Inside Dusti Bongé sketchbooks

I’ve now had the pleasure of viewing numerous artist sketchbooks. They’re so revealing. So confidential. Ideas, inspirations, doodles, successes, failures. The artistry in sketchbooks often rivals that of the finished product and their immediacy and intimacy are revelatory.

This week our partnership with the Dusti Bongé Art Foundation in Biloxi, MS has us peaking inside one of Dusti Bongé’s sketchbooks. Perspective, as always, comes from Dusti Bongé Art Foundation Executive Director Ligia M. Römer.

Black Hardbound Artist Sketchbook – p.90, 1980, various media, 8 ¼” x 5 ¼”

The Foundation has several of Dusti Bongé’s sketchbooks in its collection. Spanning from the late 1930s into the early 1980s, these sketchbooks are fascinating for various reasons. They show the artist’s visual thinking and offer a glimpse into her creative process. At times you can see a theme being explored through various iterations, color schemes and media. Or, you get to witness the tenacious attempt at capturing a particular idea or scene just right. Sometimes there are mere scribbles which may leave you puzzled, other times the sketches are in fact complete works of art.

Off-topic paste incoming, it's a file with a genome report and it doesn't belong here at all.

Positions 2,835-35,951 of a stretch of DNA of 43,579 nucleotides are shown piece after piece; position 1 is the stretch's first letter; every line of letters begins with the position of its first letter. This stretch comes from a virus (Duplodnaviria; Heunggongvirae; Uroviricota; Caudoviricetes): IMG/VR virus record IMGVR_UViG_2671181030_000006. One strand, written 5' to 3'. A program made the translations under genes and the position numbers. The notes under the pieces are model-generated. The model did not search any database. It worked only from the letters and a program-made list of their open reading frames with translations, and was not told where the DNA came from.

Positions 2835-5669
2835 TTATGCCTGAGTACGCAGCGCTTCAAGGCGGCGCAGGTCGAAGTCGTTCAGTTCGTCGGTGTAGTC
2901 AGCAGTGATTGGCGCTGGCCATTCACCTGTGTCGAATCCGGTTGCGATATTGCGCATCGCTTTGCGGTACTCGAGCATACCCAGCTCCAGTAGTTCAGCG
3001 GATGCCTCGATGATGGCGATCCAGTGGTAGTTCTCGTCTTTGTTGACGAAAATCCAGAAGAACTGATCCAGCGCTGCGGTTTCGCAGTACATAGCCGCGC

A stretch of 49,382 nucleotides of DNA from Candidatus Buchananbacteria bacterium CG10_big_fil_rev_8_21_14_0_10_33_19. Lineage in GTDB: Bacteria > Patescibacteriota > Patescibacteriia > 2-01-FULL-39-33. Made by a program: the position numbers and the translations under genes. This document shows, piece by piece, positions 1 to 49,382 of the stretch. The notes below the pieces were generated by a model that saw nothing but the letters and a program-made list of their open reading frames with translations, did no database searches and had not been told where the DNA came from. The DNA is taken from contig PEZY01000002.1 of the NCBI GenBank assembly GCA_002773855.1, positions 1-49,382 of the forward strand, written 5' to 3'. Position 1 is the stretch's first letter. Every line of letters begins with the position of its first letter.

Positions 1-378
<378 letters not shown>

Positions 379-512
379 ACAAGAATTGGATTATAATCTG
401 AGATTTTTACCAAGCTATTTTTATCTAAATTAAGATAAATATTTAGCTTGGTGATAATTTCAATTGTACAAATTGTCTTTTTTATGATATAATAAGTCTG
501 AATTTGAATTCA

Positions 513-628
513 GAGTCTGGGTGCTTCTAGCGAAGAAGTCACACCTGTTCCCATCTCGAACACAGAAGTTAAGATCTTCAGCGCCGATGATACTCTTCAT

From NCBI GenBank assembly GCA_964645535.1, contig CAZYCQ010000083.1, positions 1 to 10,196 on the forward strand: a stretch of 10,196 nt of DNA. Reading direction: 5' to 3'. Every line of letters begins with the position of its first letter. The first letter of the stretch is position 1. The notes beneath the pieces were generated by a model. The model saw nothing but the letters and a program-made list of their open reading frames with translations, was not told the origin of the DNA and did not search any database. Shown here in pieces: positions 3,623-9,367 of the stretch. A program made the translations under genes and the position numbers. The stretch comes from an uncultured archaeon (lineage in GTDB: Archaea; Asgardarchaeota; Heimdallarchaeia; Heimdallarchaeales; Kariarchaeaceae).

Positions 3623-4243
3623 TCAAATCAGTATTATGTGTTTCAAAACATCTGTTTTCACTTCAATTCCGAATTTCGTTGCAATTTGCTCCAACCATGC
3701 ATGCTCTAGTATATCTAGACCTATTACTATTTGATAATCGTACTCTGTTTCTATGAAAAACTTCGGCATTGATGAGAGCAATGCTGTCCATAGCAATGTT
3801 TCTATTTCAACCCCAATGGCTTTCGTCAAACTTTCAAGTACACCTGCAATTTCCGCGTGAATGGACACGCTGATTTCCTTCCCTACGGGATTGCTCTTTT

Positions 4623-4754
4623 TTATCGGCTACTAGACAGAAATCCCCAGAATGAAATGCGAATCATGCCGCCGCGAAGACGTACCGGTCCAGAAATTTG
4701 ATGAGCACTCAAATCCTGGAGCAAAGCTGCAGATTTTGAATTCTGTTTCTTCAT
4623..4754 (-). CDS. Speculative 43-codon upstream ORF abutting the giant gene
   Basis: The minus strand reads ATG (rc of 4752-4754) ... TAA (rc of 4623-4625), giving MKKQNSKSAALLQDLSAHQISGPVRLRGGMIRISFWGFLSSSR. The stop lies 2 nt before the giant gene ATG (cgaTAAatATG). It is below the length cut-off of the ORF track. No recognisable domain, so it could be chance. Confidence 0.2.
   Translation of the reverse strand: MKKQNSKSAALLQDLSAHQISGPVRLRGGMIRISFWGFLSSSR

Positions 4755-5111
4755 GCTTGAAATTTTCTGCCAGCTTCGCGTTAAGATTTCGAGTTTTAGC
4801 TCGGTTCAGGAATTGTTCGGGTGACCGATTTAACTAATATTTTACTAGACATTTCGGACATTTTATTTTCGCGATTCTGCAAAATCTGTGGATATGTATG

Here we have such a complete work of art, shown with its facing page through which we can see the colors bleed from the previous page. The sketchbook that contains this small painting, shows a rich array of artistic explorations. In addition to numerous sketches and paintings, it holds thoughts, poems, and notes, some handwritten and some typed, with words scratched out or changed.

This particular work appears after several other compositions with the figure eight or the infinity symbol. Perhaps it’s pure coincidence, but this was during the time that Dusti was revisiting her longstanding interest in the tenets of Zen Buddhism, according to which space and creatures are infinite, and “we exist since forever.”

There are also a few works in this sketchbook that suggest she started thinking about the void, a concept she subsequently explored in several large-scale paintings.

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